Netina Tan (Singapore) is a Social Science Humanities and Research Council Postdoctoral Fellow at the Asian Institute, Munk School of Global Affairs, the University of Toronto. She received her Ph.D. in Political Science from the University of British Columbia (2011). Netina was a Dissertation Fellow at Taiwan Foundation for Democracy and Visiting Research Associate at the S. Rajaratnam School of International Studies, Nanyang Technological University (2007-8). She holds a M.A. in Political Science from the University of Regina (2004) and a M.A. in Southeast Asian Studies (2000) from the National University of Singapore. Her research interests include democratization, party and electoral politics, gender and non-traditional security in East and Southeast Asia. Netina is currently working on her book manuscript that investigates the institutional sources of hegemonic party resilience in Asia and she will be assuming a tenure-track position in Political Science Department at McMaster University from January 2013.
Pan Sopheap (Cambodia), born in 1973 in Kampong Cham province, earned a master’s degree in political science from Gadjah Mada University, Indonesia. After several positions with IRI, FNF and experience as a social activist and facilitator he is executive director of the Cambodian Farmer and Nature Net since 2010. Yang Saing Koma, Kok Tha, Virak Bunnarath have substantially contributed to this chapter.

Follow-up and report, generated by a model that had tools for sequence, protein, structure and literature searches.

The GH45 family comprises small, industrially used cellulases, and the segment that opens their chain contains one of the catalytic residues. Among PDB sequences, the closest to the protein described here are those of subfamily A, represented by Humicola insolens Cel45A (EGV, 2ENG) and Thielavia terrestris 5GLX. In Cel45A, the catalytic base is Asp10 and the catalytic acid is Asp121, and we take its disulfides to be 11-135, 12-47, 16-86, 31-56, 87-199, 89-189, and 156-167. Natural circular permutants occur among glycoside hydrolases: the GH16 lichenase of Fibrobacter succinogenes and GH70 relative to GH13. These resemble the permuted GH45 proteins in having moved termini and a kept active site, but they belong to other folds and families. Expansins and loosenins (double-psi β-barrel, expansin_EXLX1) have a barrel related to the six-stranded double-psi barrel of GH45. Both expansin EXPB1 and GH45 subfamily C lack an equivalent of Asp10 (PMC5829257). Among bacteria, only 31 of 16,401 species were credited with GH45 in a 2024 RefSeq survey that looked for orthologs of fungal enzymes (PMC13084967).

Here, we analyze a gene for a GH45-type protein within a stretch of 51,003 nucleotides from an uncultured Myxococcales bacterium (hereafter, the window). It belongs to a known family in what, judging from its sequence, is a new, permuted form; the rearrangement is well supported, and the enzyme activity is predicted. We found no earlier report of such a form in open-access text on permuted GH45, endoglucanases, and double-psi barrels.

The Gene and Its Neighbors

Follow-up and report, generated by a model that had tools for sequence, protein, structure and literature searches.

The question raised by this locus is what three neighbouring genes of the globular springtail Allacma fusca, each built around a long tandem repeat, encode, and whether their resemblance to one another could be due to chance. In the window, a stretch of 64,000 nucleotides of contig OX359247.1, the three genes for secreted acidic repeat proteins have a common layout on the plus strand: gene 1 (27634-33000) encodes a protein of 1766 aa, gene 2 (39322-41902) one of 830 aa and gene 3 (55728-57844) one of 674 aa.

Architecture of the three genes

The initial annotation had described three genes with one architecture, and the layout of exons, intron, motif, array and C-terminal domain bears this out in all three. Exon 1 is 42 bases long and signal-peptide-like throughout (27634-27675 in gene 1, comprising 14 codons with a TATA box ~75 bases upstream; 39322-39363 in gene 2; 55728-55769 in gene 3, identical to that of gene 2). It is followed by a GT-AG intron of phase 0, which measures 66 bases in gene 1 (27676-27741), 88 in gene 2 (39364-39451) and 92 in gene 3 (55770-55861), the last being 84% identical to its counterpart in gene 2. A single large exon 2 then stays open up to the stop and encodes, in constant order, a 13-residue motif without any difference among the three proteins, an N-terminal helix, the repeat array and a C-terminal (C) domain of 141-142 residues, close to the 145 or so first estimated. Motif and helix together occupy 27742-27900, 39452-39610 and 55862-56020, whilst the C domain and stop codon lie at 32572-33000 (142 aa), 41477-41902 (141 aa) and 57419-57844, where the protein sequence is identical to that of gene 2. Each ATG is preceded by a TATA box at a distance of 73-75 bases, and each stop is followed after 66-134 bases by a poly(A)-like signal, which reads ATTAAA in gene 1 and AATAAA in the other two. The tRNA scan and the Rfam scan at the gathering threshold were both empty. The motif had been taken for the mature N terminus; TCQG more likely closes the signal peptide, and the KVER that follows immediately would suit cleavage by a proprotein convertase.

Pimrapaat Dusadeeisariyakul (Thailand) is currently a Program Manager in the Thailand Project of the Friedrich Naumann Foundation. She joined the foundation in April 2004 as a Program Manager in Malaysia Project and later moved to Thailand Project in 2011 until at present. Pimrapaat obtained her doctorate degree in International Relations in 1999 from the
University of Aberdeen in the United Kingdom and obtained her master degree in International Politics in 1993 from the University of Aberytwyth in the United Kingdom. Her main study is on Southeast Asian security and non-nuclear proliferation. She is interested in current socio-political and economic development in Thailand in particular and in Asia in general.
Zaw Oo, a former student activist in Myanmar, studied political science in the US and worked as a lecturer in the Community Development and Civic Empowerment Program, Faculty of Social Sciences, at Chiang Mai University in Thailand. The reform process in Myanmar ended his self-exile. He is now head of a think tank in Yangon and adviser to president Thein Sein.
Wolfgang Sachsenröder (the editor) has earned his PhD from Bonn University and worked for 24 years in practical politics for the German Friedrich Naumann Foundation. His longest posting was as regional director for East and Southeast Asia from 1986 to 1997. Since 2008 he is back in the region and joined the Institute of Southeast Asian Studies in Singapore in 2009. He is editor of the Partyforumseasia, a discussion platform and database on political parties in Southeast Asia (www.partyforumseasia.org).